Study outcomes were measured at baseline and at 4, 8, and 12 weeks after the beginning of the study intervention. No significant between-group differences were observed in changes in vital signs, complete blood count, serum biochemistry examination, or urinalysis during the study.

Significant improvements were observed in eye wrinkles (P = 0.011), volume of periorbital wrinkles (P = 0.009), and skin surface roughness (P = 0.004) in the PTE group compared with the placebo group after 12 weeks. Changes in the mean depth biggest wrinkle, maximum depth biggest wrinkle, wrinkle area, and length of wrinkle were not significant.

Survey results indicated no significant between-group differences in skin moisture content, TEWL, skin elasticity, or skin gloss. A significant difference between the time points was observed in increased skin moisture, gloss, elasticity, and overall improvement (P = 0.001 for all). Significant differences were observed between time points (P = 0.001) and between time points and groups (P = 0.025) in the reduction of periorbital wrinkles. Overall, the subjective survey results confirmed that the periorbital wrinkles decreased and the skin condition improved more in the PTE group than in the placebo group at week 12 compared with week 4 and week 8.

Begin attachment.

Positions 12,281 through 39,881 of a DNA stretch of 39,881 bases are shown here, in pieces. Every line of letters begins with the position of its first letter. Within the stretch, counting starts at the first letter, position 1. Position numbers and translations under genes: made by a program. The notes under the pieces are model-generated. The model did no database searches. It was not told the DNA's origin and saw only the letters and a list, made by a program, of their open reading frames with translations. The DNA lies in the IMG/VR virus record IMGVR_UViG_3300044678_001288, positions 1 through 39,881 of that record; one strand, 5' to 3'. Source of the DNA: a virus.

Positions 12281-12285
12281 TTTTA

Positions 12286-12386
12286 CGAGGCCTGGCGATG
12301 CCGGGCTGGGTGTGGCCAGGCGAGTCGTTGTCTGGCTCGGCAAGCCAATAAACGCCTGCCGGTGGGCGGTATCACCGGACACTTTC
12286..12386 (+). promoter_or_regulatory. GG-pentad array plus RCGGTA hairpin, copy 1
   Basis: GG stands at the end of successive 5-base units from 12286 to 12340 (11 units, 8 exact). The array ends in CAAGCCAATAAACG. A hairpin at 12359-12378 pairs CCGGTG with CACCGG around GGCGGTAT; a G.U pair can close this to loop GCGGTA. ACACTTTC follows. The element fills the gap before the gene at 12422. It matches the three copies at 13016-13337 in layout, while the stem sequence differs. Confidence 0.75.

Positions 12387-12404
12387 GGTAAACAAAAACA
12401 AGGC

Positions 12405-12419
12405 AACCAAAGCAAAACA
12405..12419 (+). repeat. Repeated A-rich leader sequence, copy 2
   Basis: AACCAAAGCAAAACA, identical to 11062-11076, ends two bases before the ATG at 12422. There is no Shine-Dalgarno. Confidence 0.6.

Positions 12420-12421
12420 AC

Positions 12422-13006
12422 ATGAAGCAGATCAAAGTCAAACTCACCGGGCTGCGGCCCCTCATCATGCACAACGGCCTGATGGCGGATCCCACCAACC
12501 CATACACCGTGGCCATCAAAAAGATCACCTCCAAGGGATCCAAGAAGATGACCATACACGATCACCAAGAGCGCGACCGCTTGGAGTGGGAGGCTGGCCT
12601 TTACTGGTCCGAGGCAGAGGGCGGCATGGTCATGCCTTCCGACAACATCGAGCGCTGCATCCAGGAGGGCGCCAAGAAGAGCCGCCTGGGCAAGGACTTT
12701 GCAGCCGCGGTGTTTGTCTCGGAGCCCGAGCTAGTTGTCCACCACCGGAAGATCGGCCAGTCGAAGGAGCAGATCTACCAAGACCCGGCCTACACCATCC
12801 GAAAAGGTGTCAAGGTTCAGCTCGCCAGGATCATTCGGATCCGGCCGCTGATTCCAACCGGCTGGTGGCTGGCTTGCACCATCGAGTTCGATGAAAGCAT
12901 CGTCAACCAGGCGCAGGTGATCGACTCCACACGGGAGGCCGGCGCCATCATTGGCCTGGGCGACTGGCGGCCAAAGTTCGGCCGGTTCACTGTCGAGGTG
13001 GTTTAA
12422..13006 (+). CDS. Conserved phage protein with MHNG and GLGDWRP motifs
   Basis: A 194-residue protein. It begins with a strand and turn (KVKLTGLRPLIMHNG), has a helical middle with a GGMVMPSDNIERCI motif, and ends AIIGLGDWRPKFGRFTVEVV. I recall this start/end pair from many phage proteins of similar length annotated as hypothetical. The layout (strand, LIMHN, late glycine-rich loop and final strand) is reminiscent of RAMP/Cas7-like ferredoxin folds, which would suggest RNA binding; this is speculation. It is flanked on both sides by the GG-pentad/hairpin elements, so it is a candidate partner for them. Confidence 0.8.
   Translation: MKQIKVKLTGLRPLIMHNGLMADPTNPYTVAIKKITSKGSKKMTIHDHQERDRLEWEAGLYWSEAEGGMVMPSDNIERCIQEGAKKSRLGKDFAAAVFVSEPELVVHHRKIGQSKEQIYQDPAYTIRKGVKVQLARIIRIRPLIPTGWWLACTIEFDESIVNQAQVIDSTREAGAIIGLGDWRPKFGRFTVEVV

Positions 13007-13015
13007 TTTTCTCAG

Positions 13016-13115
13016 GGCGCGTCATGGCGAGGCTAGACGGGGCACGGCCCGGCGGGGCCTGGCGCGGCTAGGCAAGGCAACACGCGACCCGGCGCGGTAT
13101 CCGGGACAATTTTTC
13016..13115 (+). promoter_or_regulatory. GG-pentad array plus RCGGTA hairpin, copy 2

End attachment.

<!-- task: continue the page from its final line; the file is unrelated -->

No adverse effects were reported. It should be noted that the product tested was an extract of green mandarin. Green mandarin essential oil can be phototoxic and should not be conflated with this extract.

Although the mechanism responsible for the improvements in wrinkles and skin roughness seen in the PTE group was not elucidated, "we speculate that green mandarin intake affects the reduction in collagen degradation" and that the polyphenols of the extract "helped improve the skin damage caused by UV," write the authors. They conclude that "PTE effectively improves UV-induced skin wrinkles" and that "PTE has sufficient value as a functional food ingredient that can prevent skin aging."

The authors declare no conflicts of interest.

Shari Henson

Peer Reviewer’s Comment

The clinical study was preceded by a paper by the same authors studying the same extract in which specific, relevant mechanisms were demonstrated in human dermal fibroblasts, namely MMP inhibition and increased collagen synthesis.1 The same paper also documented decreases in cytokine expression and transepidermal water loss along with increases in collagen fibers and epidermal thickness in hairless mice exposed to UV.

 

Reference

1Choi SH, Choi S, Jung TD, et al. Anti-photoaging effect of jeju putgyul (unripe citrus) extracts on human dermal fibroblasts and ultraviolet B-induced hairless mouse skin. Int J Mol Sci. September 2017;18(10):2052. doi: 10.3390/ijms18102052.